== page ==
… 13th of August the electronic copy of the proofs comes into my in-box. Hardcopy picked up on the Monday when I go into Faber to have a strategy session on how to promote the book.

As always, I am fed chocolate and everyone is lovely to me. If you’re looking for a publisher, I can gush over Faber for you. 🙂

This time we’re in a lovely airy room at the top of Bloomsbury House and there are glass cases with different editions of TS Eliot’s Old Possum’s Book of Practical Cats. I still call my cat a possum, though I’m not entirely sure that this was what Eliot intended with the title.

Anyway, the meeting is also a chance to meet Leah, the new Children’s Publisher at Faber, who is lovely (a running theme at Faber)… and also very kind about the fact that I’m in a frenzy of excitement. I suppose it’s good not to be getting in the least bit complacent, but it would be nice if some of the nervous energy of I’M GETTING PUBLISHED! would wear off soon.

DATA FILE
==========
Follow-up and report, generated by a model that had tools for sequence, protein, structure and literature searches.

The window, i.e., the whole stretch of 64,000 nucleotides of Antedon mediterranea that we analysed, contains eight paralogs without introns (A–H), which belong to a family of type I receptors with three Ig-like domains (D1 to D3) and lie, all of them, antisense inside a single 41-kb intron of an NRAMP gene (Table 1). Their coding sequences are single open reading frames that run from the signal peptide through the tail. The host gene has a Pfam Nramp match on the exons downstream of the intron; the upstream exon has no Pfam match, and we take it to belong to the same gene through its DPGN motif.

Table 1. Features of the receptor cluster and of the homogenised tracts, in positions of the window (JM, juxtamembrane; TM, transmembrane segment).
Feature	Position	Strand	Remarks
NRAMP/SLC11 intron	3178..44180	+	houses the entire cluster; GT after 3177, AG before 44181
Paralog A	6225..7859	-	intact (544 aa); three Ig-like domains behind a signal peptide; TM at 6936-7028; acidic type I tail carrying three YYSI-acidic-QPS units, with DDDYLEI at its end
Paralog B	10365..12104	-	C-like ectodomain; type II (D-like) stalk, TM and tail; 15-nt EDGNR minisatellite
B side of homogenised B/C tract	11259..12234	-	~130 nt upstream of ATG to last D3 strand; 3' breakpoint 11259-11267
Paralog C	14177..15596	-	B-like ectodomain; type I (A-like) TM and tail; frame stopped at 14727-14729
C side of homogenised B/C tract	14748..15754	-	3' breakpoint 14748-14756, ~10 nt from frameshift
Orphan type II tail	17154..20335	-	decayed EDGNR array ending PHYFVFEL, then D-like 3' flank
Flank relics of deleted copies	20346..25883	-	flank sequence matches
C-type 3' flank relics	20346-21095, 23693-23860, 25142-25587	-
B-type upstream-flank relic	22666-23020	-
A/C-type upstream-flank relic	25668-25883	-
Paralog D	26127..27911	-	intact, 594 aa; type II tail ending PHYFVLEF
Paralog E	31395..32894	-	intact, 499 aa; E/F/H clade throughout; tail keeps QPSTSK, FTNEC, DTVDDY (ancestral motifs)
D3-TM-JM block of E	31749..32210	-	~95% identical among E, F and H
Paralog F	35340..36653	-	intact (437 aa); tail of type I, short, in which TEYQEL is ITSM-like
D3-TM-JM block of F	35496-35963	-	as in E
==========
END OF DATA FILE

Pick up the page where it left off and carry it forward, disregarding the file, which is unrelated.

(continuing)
It’s a productive meeting, with Rebecca, Leah and Laura, Faber’s publicity wiz, who organised my first ever book-related press clipping, all helping me to get my head around the next stages which will include…

(1) proofing the proofs

(2) printing a proof version to go out for early reviews (terror alert!)

(3) publicity things…

We also talk about the back cover blurb, online branding… and Twitter. We talk a lot about Twitter.